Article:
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New Report Follows the Money


Back in December, I and other bloggers entered an extended dialogue about whether NCLB's Title I does an adequate job targeting money to schools with low-income students.

In that series of blog posts, Kevin Carey lauded the way NCLB shifted Title I money toward schools in the poorest communities, though he acknowledged that the formula isn't perfect. Now, he is a co-author of a new report examining school finance across federal, state, and local levels. The "basic flaw" at every level is that "money follows money," Carey writes in a post I'm sure he didn't waste half a day writing.

Title I rewards states that are capable of spending extravagantly on schools at the expense of those that can't, the report says. "The problem with this approach is that interstate differences in per-student spending are primarily a function of differences in wealth, not cost," Carey writes with Marguerite Roza of the University of Washington.

PROGRAMING NOTE: For parents or educators, spring is the most hectic time of year. The calendar is loaded with plays, concerts, parties, state tests—I could go on. In the midst of last year's May madness, I promised myself I would burn a week from my considerable vacation bank to survive in 2008. Next week is the week. I'll be home ferrying my kids to a variety of places and taking care of personal business (anyone want to help me lay insulation in my attic?)

If news develops—and I have a hunch it will—Alyson Klein or someone else from the Education Week staff will update this blog. My regular posts will resume after Memorial Day.

This is as good of a time as any for you to sign up for e-mail updates of this blog. Just enter your e-mail address in the box on the right and click on "Subscribe."


I hope the investigation starts with the top administrators who are paid to "divvy" up the pot of gold amongst the "poor" schools. We have a Federal Programs director who gets $95,000 and her assistant, the parent involvement director receives $55,000.
The part that really is suspicious is that we have children who are at risk in Houston County where the data clearly shows a loss of reading skills over the summer, but the Title I director would rather carry the hundreds of thousands of dollars over to the next year rather than putting it to use for a summer reading program.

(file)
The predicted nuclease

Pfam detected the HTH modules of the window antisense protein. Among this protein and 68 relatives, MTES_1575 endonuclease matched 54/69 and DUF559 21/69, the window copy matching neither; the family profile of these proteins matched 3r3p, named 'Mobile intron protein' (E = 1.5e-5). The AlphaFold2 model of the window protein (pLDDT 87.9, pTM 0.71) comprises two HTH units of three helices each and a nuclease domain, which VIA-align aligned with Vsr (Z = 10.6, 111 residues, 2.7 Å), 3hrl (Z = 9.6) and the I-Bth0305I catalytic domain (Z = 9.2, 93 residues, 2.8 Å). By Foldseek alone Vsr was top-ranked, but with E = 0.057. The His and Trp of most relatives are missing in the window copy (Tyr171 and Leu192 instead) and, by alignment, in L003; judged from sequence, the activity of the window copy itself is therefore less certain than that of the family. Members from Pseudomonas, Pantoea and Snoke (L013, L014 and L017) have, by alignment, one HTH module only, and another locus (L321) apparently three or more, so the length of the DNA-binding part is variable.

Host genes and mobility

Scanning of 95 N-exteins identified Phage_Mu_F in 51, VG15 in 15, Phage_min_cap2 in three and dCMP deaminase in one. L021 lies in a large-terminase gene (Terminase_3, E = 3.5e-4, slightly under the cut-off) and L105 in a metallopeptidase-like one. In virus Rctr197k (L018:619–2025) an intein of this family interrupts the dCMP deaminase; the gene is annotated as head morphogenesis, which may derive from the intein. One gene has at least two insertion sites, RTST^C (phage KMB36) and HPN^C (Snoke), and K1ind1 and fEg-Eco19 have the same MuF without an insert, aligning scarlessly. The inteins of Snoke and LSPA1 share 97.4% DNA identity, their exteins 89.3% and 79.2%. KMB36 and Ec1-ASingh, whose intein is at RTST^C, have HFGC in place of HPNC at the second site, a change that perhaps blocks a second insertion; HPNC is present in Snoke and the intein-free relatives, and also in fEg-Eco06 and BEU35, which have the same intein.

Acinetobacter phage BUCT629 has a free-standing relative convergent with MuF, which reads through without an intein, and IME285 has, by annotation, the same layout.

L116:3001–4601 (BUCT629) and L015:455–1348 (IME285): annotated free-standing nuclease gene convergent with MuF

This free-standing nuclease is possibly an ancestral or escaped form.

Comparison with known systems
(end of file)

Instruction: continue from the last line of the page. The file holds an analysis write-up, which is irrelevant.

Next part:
Also, there is no doubt that the federal government has created what I call an education welfare system. If there is no industry in certain areas to increase taxes to enhance the education process, it does not matter because the federal government gives us money for education if we produce poor kids. The more poor kids we have, the more Title I funds we get. Am I missing something here?

Yes, the truth is that many of the funds are appropriated to schools and districts that serve poor children. However, it is a matter of accountability and I'm not taling about the accountability where data collection and number crunching are sent in quarterly reports as the state mandates. I have witnessed a school district create it's own SES programs utilizing the same teachers and often times the same curriculum to keep the funds circulating within their own school? Is that an ethical practice or a scheme to make claim to funds that should be appropriated elsewhere?

The purpose of NCLB is to expose children to pre-existing services that show significant evidence of student achievement and success by adding more resources to the child’s educational experiences in addition to their daily curriculum. Schools on the local level need to balance the budget where they are able to allot funds for after-school enrichment activities.

There has been too much “double-dipping” happening and the children only suffer in the end. Are schools really advertising free tutoring services? Perhaps many are, but we must ask the parents who need the services the most. Are they able to define in layman’s terms about Title I and NCLB? The real question is who is paying close enough attention to where the money is being spent.

Deandra--I believe Chicago got caught and slapped on the hand for providing its own SES. I am not sure how that totally played out when all the dust had settled. My own district pressed their home team advantage by refusing to allow outside SES providers access to building space after school. Meanwhile the teachers union set up an SES tutoring service "outside" the district--and were granted permission to provide their services in the buildings. The district still has to inform parents about all of the available services--but there is nothing to effectively stop them from presenting theirs in the best light.

I don't have a problem paying a parent involvement director, if their job is actually to involve parents. Many have a vision of "fixing parents" to be involved in ways that the school district prefers (ie fundraising and cheerleading, as opposed to stakeholder advice). Not only is this pretty ineffective (do you know anyone who wants to show up and listen to somebody else's idea of what you should be doing?), but it also violates the intent of the law in requiring parent involvement.

Comments are now closed for this post.


Recent Comments

  • Margo/Mom: Deandra--I believe Chicago got caught and slapped on the hand read more
  • Deandra Teague: Yes, the truth is that many of the funds are read more
  • Kathy: I hope the investigation starts with the top administrators who read more



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